Competing Nightmares

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2 Responses

  1. Rael Levinsohn says:

    I feel one of the reasons why we do not reflect the standards of honesty, kindness and civility expecially in the business sphere is because many Jews simply do not know the halachot. Hundreds of books in both hebrew and english are availible on the topics covered in Orach Chaim, expecially Shabbat and Davening. On the other hand, how many Religious jews have even learned a full siman of Choshen Mishpat? A valuable step would be for more business related halachic books with halacha la-mase, practical advice to be published. Secondly, business ethics should be a topic that congregational Rabbi’s spend more time lecturing about, after all, most members of shuls are working class baale-batish people. Third , perhaps a business ethics campain analagous to the Chofetz Chaim’s Loshan Hora campaign should be initiated. If we ever want to be responsible for a tikkun in this world, the Jewish stereo type as the miserly, crooked, unethical business man has to stop. There are unfortanely too many public known cases of externally Orthodox jews in jail for fraud. Let us hope we can do something to stop this and create a kiddush hashem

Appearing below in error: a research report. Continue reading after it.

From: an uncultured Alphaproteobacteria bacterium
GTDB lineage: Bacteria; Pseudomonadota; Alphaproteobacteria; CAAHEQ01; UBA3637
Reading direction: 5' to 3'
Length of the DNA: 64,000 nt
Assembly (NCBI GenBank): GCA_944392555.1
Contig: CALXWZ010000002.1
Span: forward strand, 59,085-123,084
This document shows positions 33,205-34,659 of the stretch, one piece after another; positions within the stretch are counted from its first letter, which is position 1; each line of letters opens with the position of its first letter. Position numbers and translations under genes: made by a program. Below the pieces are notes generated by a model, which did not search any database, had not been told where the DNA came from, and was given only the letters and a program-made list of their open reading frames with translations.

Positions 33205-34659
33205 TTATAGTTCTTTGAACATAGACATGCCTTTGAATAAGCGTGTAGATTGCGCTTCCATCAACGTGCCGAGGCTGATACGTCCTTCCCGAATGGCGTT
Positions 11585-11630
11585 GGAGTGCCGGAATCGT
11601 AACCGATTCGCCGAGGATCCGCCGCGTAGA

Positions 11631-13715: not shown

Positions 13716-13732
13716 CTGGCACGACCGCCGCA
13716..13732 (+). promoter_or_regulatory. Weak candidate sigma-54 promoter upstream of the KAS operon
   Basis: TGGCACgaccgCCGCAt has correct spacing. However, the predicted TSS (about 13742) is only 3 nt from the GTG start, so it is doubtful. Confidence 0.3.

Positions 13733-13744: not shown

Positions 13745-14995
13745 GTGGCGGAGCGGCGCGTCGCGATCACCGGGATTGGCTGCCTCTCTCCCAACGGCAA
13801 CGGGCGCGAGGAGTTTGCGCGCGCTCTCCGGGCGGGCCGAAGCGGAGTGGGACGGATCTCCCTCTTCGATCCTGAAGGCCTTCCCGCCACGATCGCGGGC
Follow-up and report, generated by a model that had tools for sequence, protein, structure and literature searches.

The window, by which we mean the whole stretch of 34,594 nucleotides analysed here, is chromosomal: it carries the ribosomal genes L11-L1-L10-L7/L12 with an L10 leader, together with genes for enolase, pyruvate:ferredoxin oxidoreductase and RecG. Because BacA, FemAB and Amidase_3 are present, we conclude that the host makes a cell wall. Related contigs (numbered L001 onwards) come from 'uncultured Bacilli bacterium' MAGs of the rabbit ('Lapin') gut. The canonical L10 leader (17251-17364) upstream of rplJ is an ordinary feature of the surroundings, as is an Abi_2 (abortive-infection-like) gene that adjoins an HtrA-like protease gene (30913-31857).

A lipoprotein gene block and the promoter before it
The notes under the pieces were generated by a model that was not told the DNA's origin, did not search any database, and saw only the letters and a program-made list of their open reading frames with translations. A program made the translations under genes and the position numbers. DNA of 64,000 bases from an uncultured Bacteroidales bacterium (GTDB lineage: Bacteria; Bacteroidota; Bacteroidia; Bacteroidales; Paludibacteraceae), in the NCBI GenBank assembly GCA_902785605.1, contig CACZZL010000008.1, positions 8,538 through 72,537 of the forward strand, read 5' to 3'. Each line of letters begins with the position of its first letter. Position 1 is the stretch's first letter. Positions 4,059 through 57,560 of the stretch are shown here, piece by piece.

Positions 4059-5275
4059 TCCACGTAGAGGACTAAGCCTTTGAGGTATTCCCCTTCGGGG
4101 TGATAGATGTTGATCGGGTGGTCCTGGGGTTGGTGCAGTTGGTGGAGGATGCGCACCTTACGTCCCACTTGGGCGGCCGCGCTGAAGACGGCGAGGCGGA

2. Eliezer Barzilai says:

    Civility is overrated. What matters is actual chesed, concern with the powerless and weak, not good manners. The two can co-exist, but refined civility in no way indicates the capacity for empathy with the needy.

    The societies that place the highest premium on fastidiously studied social mores tend to be those societies that ‘otherize’ or dehumanize anyone who is not precisely like them. The uncouth Yankees are the most socially conscious in the world, while those far eastern avatars of refinement vivisected prisoners of war during WW II.

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